Checklist for Picking the Perfect Communications Measurement Vendor


This checklist will help you get organized for the generally agonizing process of selecting a communications measurement vendor that best suits your needs. It’s designed to be used alongside “6 Steps to Managing a Measurement RFP Process.”

Click here to download the printer-friendly version of this checklist:

Step 1: Define your goals and your leadership’s expectations

☐ Meet with leadership to understand their expectations for what your measurement reports should include.

☐ Make a list of people who will use the measurement tool you are buying. To conveniently gather information about the types of data you will need to collect, have each of them fill out Paine Publishing’s “RFP Questionnaire”.

☐ Put them in a meeting room and help them hash out their various needs for data and reporting. Then work with them prioritize those needs. (Hint: Open Paine Publishing’s “Vendor Evaluation Spreadsheet” that lists some of the most important criteria. Feel free to add your own. Then, look at the weightings for each and make sure they align with your management’s priorities. If they don’t align, simply adjust the numbers in column B.)

☐ After the meeting, summarize the agreed-upon definitions in a document. Include a list of the key metrics (including the KPIs) you’ll be reporting on in your dashboard.

☐ Ask senior management to sign off on the KPIs and dashboard.

☐ Based on approved KPIs, make a list of data you’ll need to report on.

☐ Make sure you answer these questions:

  • Question 1: Are my messages and issues too nuanced for a computer?
  • Question 2: Do I get sufficient volume to warrant automated coding?
  • Question 3: Is there budget to have humans code a random sample?

Step 2: Determine who is going to use the tool and how

☐ Make sure you can answer these questions:

☐ What decisions will be made with the data?

☐ How often do your metrics need to be updated?

☐ Who will see and use your dashboard and/or your reports?

Step 3: Identify your data sources 

☐ Make a list of your key target audiences and where they get information.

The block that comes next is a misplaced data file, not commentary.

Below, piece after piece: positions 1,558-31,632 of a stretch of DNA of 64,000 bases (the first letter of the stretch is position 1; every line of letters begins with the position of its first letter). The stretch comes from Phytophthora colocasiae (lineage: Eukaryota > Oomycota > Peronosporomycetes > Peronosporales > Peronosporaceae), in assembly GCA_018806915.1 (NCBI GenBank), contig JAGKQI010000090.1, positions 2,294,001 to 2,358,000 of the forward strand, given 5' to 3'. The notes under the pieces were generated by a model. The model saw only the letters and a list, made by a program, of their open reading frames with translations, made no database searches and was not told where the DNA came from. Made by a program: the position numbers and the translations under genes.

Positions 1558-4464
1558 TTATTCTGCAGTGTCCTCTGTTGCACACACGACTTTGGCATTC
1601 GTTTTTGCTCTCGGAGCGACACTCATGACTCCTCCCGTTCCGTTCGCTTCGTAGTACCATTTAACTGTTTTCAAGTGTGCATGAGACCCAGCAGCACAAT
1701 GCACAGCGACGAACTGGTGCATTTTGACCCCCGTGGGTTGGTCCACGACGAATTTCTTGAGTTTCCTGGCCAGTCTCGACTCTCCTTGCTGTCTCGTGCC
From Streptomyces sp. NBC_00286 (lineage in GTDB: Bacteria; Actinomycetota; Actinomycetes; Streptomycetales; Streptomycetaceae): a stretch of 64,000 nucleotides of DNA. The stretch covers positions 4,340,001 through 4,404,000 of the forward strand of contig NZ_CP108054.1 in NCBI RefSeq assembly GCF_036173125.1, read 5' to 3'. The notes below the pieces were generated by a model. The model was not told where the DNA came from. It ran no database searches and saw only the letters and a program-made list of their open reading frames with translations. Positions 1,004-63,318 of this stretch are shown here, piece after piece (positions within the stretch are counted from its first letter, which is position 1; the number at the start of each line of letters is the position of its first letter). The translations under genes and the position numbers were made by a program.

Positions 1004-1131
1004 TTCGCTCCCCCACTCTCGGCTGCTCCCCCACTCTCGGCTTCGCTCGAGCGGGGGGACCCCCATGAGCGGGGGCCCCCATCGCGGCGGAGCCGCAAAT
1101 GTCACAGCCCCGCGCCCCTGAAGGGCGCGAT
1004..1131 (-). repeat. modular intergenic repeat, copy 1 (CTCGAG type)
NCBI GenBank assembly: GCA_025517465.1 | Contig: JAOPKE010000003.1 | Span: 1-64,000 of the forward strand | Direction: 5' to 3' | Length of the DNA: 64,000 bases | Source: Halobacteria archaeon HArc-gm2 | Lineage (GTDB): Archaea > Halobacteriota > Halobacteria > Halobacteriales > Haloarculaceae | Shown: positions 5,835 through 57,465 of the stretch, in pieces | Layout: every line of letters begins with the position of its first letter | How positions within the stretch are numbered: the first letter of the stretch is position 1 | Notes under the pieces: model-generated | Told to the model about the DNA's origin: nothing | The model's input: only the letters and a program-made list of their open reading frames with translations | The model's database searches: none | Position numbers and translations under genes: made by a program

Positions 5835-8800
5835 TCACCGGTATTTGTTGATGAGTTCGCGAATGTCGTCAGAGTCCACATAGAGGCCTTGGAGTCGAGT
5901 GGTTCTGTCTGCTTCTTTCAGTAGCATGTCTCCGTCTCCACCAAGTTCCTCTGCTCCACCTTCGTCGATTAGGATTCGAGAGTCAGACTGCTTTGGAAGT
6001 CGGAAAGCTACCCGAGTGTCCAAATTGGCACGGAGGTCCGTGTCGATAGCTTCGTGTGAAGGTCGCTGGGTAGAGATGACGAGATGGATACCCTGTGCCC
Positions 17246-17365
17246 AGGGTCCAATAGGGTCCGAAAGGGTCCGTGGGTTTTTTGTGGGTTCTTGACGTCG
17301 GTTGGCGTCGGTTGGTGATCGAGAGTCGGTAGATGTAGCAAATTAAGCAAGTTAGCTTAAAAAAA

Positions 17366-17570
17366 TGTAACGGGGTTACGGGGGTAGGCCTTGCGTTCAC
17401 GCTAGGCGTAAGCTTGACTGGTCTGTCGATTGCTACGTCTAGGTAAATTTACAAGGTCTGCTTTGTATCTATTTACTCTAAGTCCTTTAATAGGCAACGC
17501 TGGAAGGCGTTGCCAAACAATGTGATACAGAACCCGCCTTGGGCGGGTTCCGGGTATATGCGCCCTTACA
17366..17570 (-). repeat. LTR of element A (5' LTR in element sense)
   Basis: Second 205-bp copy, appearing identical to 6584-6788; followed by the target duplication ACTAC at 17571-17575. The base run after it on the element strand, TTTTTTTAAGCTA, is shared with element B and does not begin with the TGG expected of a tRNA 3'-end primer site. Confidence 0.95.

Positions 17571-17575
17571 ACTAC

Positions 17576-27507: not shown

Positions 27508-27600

☐ Based on where your key target audiences get information, create a list of key media outlets, websites, and social influencers. This is data that you will need to complete Paine Publishing’s “RFP Questionnaire.”

☐ Decide how far back you need data. Almost everyone can go back three months, only a few tools can go back years.

☐ Define any specific quality indexes or engagement indexes.

☐ Define messages and sentiment, as well as any other important parameters such as post quality, media source quality, message integrity, etc.

Step 4: Define what you’re benchmarking against  

☐ Identify what peer/competitor keeps leadership awake at night.

☐ Estimate the amount of data you will need to collect on your competition.

☐ Do you have the budget to do competitive benchmarking?

☐ Do you have consistent data for the past 13 months? If not, how far back can you gather data?

Step 5: Create your RFP and send to measurement vendors

☐ Put all the data you’ve gotten together into an RFP. (For further RFP guidance, see “6 Steps to Managing a Measurement RFP Process.”)

☐ For clarity on sources and methods, use the “Transparency Reporting Template” developed by the Conclave on Social Media Measurement Standards.

☐ Create a list of possible vendors. Screen out any that can’t meet the basic requirements.

☐ Send out the RFP. Give them two to three weeks to respond.

Step 6: Evaluate your responses 

☐ Reopen Paine Publishing’s “Vendor Evaluation Spreadsheet” and fill it out for each response.

☐ Check the scores after you’ve reviewed all the submissions.

☐ Check the references of the top three.

☐ Call the winner into a meeting. Review the parameters and make sure the price they offered really does include all the parameters that you have specified. Get clarity on what happens if the scope begins to creep. If you think they’ve low-balled you and you get any sense that they’ll nickel and dime you to raise their profits, move on to the runner-up.

☐ Notify the losers. And be gentle with the news; you may need their help if it doesn’t work out with the one you’ve selected.

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